The most recent proceedings in Gibbs v Gibbs, a dispute which has been in and out of the courts since 2001, concerned a committal application made against the mother for breach of court orders prohibiting her from disclosing or publishing her allegations against the father.

In his judgment dated 29th June 2017, Mr Justice Hayden commented that the case has a dispiriting history”. Private law proceedings concerning the couple’s two children, focusing specifically on the father’s contact with the children, began in 2001. During these proceedings, the mother made a series of allegations against the father. District Judge Hayes, however, found these allegations to be unproven “on the wealth of evidence” and said that he could not “recognise and reconcile the demeanour of Mr Gibbs…with what he is alleged to have done”.

The matter was then brought to the High Court less than 12 months later but, before the hearing began, the mother’s counsel conceded that the mother had “no prospect” of proving the allegations against the father. A consent order was therefore placed before the High Court judge which stated the mother’s acceptance that contact should proceed on the basis that the allegations were unfounded and that she “should not seek to raise any allegations of emotional, physical or sexual abuse” against the father in “any other forum with any other person or body”. The judge suggested that this should be the end of the matter and recorded that both parties had “taken a brave decision, and a decision which in many respects and for different reasons must have been difficult for each of them”, and are to be “congratulated and thanked for agreeing to this order”. However, the matter was brought before Johnson J a mere 6 months later when contact had broken down. The judge found that the mother had continued to repeat the allegations and expressed that he was not at all surprised that she did not abide by the agreement she had made. Unlike the other judges who thought that the mother had come to believe the allegations, he said that the allegations were false and “the mother knows it but continues to publish them because she wishes to hurt the father”. However, as the mother remained stubborn with regard to contact and the father’s relationship with his child had become strained as a result of the negative views they were exposed to, the father “reluctantly” abandoned his application for direct contact in 2004. Mr Justice Ryder explained that, although it is “morally and legally offensive” for a child to grow up without a parent when that parent is alive, he could not “impose” direct contact upon her. The case then remained out of the courts for a few years with contact continuing indirectly.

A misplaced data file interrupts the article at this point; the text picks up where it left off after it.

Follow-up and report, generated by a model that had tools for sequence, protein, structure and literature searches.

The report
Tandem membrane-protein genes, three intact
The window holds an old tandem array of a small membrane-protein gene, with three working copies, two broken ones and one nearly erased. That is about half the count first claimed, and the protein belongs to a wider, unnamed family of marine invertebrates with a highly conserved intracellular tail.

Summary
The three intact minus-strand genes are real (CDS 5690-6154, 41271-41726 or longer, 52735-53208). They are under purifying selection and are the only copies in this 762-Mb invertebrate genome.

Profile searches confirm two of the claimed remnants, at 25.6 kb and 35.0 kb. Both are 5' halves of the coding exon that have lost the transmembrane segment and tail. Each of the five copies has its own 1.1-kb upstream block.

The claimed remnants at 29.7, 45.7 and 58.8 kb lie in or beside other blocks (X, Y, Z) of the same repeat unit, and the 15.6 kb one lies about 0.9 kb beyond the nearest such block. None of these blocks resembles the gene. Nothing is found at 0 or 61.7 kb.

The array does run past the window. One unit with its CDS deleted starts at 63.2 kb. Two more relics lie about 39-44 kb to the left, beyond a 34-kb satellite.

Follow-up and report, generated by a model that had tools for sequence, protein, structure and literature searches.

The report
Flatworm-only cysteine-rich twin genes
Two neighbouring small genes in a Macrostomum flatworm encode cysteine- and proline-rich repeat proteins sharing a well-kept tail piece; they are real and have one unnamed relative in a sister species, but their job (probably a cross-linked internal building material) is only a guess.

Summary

The matter was brought back to the courts in June 2017. From early 2017, the mother had been sending emails to thousands of people once again accusing the father of physical, sexual and emotional abuse. Hayden J said that “there has been no finding of sexual abuse; no finding of perjury against the father; no evidence produced either in 2003 or in the years that followed that would be likely to establish such findings”. Various orders were made on 19th June 2017, reinforced by penal notices, that prohibited the mother from “disseminating, disclosing or publishing” any information about the proceedings, including allegations made. However, the mother was in breach of these orders the very next day as she had already emailed over a hundred people with the allegations. The father applied to commit the mother to prison for breach of the orders. Hayden J referred to two recent authorities regarding proper procedure on committal applications: L (A Child) [2016] and Re: Whiting [2013]. He concluded that “in light of the mother’s continued defiance, unwillingness to change, lack of insight on the impact of her behaviour”, he was left with no other option but to commit her to prison for 9 months.

This matter has appeared before the court many times over the years and this raises some interesting questions about how the family courts respond to litigants such as the mother in this case. It is often hoped that a fact-finding hearing to consider the evidence and witness accounts in such a case will help to move things forward; however this 16 year battle demonstrates that this will not always work.

The mother “actively disobeyed” the court orders and told Hayden J that she came to court expecting to go to prison and was “happy, proud, and completely at peace to be in contempt of court”. Not every parent is willing to put any negative feelings towards the other parent to one side and sadly the children involved are likely to suffer as a result.